They had held their Sponsor Licence since 2014 and, believed they had adhered to the sponsor licence obligations strictly since that time. The loss of their Sponsor License, and subsequently their ability to sponsor staff meant they would be unable to reach out to their core community in London and run services.
To secure the recovery of GHM’s sponsor licence, it was necessary to work through each allegation and in turn provide evidence to the contrary to the Home Office. This was achieved by doing the following:
Allegation 1: Failure to keep records of the recruitment process
According to the Home Office, GHM had failed to comply with strict record-keeping and recruitment processes, the purpose of which is to ensure that offering a job to a migrant worker does not deny the role from a suitable settled individual.
Looking in more detail, we found there was an apparent failure to retain evidence of the job advert. In reality, GHM were unable to retrieve a copy of the job advert as it had been posted on Universal Job Match before the switch to the newer portal: FindaJob.
The Home Office also stated GHM had failed to retain copies of interview notes from short-listed candidates. Unfortunately, when we looked closer at the case in question, it transpired they had offered a position to a migrant worker who had not even applied for the job. The recruit had been ‘head hunted’ for this job role with a recommendation of their Head Pastor.
How A Y & J resolved allegation 1
In order to overcome the above allegations made by the Home Office, our lawyers provided detailed submissions with relevant evidence and argued successfully that GHM met the overarching principle of Tier 2 and 5 policy guidance by not displacing a suitable settled worker.
Allegation 2: Failure to carry out DBS checks
The Home Office further stated GHM had not undertaken the required DBS checks. For any sponsored worker who will interact with children, the Sponsor must have an enhanced DBS check completed, with the findings being retained on the Sponsored Worker’s personnel file.
How A Y & J resolved allegation 2
We provided written submissions addressing the issue and successfully explaining the actual and/or mitigating circumstances of the Sponsor failing to retain the records of the recruitment process.
Allegation 3: Failure to pay National Minimum Wage (NMW) & failure to Comply with Statutory Annual Leave Requirements
The Home Office believed that GHM had failed in its Employment Law obligations, including not paying its sponsored worker the National Minimum Wage (NMW).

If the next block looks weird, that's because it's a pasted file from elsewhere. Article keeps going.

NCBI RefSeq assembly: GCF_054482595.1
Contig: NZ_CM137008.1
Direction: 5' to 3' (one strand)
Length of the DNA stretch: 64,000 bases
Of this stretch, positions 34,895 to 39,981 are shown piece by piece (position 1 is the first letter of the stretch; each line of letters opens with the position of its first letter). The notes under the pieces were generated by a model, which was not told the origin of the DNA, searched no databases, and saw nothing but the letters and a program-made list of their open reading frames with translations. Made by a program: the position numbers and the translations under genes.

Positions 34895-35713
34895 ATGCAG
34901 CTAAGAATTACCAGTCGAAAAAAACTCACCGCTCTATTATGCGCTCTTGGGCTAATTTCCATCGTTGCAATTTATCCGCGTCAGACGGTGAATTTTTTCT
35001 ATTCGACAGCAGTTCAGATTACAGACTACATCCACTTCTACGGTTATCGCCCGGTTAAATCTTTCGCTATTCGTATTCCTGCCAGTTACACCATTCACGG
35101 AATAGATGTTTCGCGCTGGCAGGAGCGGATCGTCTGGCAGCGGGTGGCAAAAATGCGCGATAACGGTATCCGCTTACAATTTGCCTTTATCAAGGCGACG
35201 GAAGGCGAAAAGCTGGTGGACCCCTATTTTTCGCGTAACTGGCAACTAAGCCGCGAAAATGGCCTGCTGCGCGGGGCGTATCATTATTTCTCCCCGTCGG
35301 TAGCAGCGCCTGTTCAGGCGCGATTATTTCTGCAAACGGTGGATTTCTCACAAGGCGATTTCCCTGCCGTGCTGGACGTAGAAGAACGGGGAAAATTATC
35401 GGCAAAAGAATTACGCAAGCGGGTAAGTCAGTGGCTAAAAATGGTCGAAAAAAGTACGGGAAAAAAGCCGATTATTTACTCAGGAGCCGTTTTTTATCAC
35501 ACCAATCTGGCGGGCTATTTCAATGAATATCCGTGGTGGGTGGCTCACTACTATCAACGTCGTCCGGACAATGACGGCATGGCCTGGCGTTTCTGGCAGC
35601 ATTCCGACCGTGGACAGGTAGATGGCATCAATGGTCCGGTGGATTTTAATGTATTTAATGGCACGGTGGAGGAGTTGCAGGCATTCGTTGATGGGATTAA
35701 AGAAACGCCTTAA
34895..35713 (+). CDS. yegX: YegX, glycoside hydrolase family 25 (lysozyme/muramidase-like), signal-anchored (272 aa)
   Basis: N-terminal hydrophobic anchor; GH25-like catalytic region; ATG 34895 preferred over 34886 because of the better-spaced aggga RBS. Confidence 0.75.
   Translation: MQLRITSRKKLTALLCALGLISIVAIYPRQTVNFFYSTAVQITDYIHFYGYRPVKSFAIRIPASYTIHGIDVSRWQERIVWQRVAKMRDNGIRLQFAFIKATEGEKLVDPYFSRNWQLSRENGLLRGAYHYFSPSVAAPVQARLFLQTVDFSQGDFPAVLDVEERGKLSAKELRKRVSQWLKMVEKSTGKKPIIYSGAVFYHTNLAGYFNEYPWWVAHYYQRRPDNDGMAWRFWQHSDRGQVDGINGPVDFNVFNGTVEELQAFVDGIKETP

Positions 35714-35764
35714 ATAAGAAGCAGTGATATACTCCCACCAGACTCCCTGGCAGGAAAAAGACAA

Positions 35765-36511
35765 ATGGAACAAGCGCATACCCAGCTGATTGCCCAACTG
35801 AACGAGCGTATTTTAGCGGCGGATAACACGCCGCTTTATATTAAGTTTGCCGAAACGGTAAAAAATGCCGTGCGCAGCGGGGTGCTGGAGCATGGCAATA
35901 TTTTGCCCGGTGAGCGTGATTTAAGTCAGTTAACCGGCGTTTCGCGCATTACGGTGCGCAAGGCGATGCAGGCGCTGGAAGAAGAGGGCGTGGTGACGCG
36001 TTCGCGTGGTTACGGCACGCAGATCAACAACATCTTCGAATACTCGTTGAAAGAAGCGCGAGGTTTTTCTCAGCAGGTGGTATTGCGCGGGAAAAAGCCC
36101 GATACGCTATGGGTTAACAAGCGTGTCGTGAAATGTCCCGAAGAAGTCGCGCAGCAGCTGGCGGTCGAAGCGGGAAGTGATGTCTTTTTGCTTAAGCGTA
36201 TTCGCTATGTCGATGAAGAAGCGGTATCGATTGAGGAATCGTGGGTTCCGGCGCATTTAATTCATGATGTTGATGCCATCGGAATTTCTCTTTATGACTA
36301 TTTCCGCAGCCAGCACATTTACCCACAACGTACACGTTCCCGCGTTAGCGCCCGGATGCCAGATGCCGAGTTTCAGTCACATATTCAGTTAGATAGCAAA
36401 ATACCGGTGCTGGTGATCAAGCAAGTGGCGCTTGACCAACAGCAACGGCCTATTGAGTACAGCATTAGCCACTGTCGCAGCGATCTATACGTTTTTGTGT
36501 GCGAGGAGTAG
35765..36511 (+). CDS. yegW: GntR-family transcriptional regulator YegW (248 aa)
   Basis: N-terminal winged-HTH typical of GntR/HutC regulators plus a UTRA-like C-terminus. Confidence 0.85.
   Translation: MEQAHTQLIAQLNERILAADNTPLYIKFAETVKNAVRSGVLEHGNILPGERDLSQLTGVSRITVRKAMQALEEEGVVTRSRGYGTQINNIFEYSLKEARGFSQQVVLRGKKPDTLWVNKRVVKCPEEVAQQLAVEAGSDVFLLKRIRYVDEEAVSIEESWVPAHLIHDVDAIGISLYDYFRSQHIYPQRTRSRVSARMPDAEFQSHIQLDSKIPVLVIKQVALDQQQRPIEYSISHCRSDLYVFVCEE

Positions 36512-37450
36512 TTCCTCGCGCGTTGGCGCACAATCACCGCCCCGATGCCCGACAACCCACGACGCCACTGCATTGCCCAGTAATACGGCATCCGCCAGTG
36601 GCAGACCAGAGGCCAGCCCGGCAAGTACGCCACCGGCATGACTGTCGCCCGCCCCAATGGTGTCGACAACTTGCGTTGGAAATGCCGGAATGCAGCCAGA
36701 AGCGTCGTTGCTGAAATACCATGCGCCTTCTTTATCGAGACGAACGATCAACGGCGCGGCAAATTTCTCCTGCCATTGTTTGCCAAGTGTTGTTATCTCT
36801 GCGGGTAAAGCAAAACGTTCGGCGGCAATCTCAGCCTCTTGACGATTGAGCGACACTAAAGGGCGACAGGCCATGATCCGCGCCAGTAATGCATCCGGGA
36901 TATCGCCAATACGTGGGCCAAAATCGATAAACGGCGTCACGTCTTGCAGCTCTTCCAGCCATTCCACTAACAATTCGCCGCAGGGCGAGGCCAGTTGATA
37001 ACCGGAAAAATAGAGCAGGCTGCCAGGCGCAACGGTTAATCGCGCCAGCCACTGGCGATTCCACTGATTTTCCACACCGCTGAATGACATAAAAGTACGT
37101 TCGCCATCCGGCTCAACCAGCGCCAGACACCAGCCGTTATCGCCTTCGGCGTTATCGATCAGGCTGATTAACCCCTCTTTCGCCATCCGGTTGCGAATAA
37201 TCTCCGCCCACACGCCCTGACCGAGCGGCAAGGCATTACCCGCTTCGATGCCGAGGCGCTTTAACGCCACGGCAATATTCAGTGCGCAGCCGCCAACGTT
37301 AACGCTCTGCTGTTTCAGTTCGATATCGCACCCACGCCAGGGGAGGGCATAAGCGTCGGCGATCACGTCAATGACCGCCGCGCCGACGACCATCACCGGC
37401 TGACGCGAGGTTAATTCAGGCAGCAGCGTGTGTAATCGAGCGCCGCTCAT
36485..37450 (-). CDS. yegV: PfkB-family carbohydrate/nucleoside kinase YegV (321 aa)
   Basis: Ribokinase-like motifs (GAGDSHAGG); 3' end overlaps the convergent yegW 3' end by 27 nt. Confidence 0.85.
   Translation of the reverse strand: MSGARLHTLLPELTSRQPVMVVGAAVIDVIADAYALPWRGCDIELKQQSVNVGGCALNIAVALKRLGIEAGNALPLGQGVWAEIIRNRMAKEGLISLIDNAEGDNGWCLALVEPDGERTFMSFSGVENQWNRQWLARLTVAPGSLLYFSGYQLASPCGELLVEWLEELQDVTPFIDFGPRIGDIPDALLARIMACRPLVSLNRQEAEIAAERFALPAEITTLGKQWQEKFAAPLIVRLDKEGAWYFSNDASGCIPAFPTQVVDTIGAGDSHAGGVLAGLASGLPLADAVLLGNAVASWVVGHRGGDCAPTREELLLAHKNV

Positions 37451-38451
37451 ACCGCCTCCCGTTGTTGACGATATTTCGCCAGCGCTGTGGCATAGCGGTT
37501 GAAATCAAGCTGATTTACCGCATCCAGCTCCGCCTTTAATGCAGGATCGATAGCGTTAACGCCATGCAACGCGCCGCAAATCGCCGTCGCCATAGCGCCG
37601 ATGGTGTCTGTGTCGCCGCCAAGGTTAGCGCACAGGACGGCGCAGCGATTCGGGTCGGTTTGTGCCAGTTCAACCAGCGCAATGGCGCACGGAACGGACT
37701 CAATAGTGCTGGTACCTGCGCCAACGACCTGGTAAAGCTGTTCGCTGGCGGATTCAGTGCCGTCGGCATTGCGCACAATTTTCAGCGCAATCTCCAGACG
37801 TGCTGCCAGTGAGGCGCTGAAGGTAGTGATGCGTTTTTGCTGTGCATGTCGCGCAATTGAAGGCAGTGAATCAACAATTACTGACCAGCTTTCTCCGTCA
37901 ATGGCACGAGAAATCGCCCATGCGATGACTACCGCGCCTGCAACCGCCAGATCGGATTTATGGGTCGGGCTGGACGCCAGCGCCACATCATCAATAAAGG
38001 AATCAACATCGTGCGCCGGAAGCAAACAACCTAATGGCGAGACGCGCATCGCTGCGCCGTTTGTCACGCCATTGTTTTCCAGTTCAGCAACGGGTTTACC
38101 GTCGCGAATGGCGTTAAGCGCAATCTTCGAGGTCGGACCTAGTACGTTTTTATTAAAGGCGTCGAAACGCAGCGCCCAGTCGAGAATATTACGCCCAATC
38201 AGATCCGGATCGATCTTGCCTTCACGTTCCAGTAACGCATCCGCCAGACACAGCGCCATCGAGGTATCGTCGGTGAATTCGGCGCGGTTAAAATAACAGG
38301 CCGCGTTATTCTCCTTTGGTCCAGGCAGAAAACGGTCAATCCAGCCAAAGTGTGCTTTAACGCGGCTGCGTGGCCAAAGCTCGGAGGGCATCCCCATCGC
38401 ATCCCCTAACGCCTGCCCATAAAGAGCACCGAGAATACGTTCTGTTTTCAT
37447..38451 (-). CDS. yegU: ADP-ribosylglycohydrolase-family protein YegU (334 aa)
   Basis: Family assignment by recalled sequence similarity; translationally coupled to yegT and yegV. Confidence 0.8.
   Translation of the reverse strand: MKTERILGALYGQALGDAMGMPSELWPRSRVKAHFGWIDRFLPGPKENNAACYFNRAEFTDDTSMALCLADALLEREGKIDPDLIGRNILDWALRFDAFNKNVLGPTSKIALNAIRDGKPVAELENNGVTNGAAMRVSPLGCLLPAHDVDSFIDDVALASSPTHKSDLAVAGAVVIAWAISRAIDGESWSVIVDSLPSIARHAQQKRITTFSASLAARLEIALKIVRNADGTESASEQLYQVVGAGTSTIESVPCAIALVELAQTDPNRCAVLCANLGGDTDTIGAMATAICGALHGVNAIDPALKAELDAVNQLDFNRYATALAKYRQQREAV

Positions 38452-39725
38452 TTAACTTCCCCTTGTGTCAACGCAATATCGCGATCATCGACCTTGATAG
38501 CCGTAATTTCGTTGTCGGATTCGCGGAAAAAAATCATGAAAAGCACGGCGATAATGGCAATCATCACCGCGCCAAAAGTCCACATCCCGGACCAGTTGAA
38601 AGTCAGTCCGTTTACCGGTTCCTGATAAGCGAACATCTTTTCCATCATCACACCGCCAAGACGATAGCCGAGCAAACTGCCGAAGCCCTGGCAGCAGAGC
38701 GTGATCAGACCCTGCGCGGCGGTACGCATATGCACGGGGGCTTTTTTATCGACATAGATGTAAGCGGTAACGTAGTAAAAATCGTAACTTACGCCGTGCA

How A Y & J resolved allegation 3
A Y & J Solicitors were successful in addressing this issue, explaining an oversight by GHM and that the corrective measures had been taken to remedy the error.
The alleged breach of their Statutory Duty turned out to be, as discovered by A Y & J Solicitors an error in the Employment Contract, which again, was remedied to the satisfaction of the Home office.
Allegation 4: Failure to meet General Sponsorship duties
As Sponsors should know, you must not share your SMS user ID and Password. The Home Office accused GHM of sharing this confidential information with their sponsored worker in breach of their sponsorship duties.
How A Y & J resolved allegation 4
With our understanding of the facts of the situation and the law, A Y & J successfully demonstrated that this breach had never occurred and put forward what was a plausible explanation to address this issue.
Allegation 5: Failure to Monitor Immigration Status
A common allegation is a failure by the sponsor to carry out prescribed right to work checks. The suspension letter set out the primary concerns that GHM did not have an effective system in place to monitor the right to work of all of their employees. The suspension letter listed GHM’s failure to retain a copy of the prescribed documents for 14 individuals employed by them.
How A Y & J resolved allegation 5
A Y & J’s expert knowledge in this area allowed us to refer the Home Office to their own guidance in ‘An Employer’s Guide to Right to Work Checks’ by pointing out that GHM was not required to retain passport copies of the volunteers.
With our expert knowledge, guidance and support, GHM retained their Sponsor Licence despite the numerous complex allegations made by the Home Office.
Had GHM had regular compliance checks carried out by an expert they could have avoided the stressful situation they and their sponsored workers found themselves in.
Save yourself time & money – come to A Y & J Solicitors for advice and assistance on all of your Sponsor Licence compliance needs!